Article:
Gareth Southgate Set Up a Goal; Boris Johnson Flinched
(Bloomberg Opinion) -- Yes, Boris Johnson was quick to condemn the racist abuse that was hurled at three England players whose missed penalty shots in Sunday’s dramatic Euro 2020 soccer final against Italy ended their nation’s best chance at a major trophy in the sport since its 1966 World Cup victory. But for some, his words stuck in the craw. As the former star player and pundit Gary Neville noted, the prime minister seems to want it both ways.
The vicious social media attacks were directed at Marcus Rashford, Jadon Sancho and Bukayo Saka, three exceptional young players who happen also to be part of a squad whose diversity proved a strength. Rashford’s grandmother came from the West Indies island of Saint Kitts; Sancho’s parents are from Trinidad and Tobago and Saka’s from Nigeria.
No right-thinking person supports such abuse, but the question is whether those with the power to act against it are doing enough; the answer plainly is no. A 2020 YouGov poll for the football equality and inclusion organization Kick It Out found that 71% of respondents said they had witnessed racist comments directed at a player on social media and 30% had witnessed it at a match. More than a fifth said they are unlikely to report any act of discrimination in the future.
At the start of the Euros, as the tournament is called, England manager Gareth Southgate explained that his players would “take the knee” — not as any kind of political statement he made clear, but as an act of solidarity against racism. His decision didn’t sit well with a Conservative government and various ministers made clear their discontent.
Johnson remained silent when fans booed as the England team took the knee in a warm-up match against Romania in early June. Some days later, the prime minister clarified that he didn’t support booing the national team, but didn’t think the knee-taking was helpful. “When it comes to gestures and symbols I’m more on the side of practical action to combat racism and make life better for everybody in this country,” he said.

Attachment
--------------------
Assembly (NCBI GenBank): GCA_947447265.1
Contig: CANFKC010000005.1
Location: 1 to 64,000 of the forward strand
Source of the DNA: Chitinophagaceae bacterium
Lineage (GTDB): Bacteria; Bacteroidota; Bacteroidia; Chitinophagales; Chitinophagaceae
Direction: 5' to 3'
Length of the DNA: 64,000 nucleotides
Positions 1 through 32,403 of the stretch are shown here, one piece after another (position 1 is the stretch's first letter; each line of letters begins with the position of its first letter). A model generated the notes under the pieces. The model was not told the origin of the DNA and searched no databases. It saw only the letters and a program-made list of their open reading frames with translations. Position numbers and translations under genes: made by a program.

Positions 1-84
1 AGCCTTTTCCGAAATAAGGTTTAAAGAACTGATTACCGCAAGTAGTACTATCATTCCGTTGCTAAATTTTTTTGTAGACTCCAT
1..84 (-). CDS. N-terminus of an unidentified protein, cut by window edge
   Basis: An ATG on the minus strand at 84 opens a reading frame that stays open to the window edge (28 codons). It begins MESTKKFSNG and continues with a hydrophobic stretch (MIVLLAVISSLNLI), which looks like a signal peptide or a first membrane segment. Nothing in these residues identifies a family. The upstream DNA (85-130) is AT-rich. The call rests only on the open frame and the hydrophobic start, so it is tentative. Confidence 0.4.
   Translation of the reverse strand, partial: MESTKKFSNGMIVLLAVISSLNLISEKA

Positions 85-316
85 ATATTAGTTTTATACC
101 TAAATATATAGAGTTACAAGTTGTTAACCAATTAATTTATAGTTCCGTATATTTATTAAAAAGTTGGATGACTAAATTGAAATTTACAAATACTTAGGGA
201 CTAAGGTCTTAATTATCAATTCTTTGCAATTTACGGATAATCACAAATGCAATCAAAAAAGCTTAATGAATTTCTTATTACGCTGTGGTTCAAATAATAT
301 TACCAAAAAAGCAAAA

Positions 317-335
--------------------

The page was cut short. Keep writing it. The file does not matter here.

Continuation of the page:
Other Conservatives were more critical. Tory MP Lee Anderson said his constituents see it, curiously enough, as a “Marxist” measure and boycotted watching the England side as long as they persisted in it. Home Secretary Priti Patel was the most prominent opponent, calling the decision “gesture politics” and likening it to support for toppling statues.
It’s easy to see why the government took a dim view on the knee-taking. For many Tory voters, the gesture symbolizes approval of a broader woke agenda that includes challenging elements of their historical narrative and the cancel-culture madness they see in America. Some will argue that protesting such gestures is about protecting free speech. And for some, it’s a protest against the notion of White privilege, which feels deeply unfair to poorer White working class voters in the North, exactly the votes the Tories need to keep to win elections in the future.
Clearly this is a tricky issue given all the ways in which different agendas have become wrapped up in the gesture. It’s perfectly reasonable to argue that the two positions — anti-knee and anti-racism — are entirely compatible. Those inclined toward such abuse don’t draw such fine distinctions. At any rate, Johnson didn’t bother to try.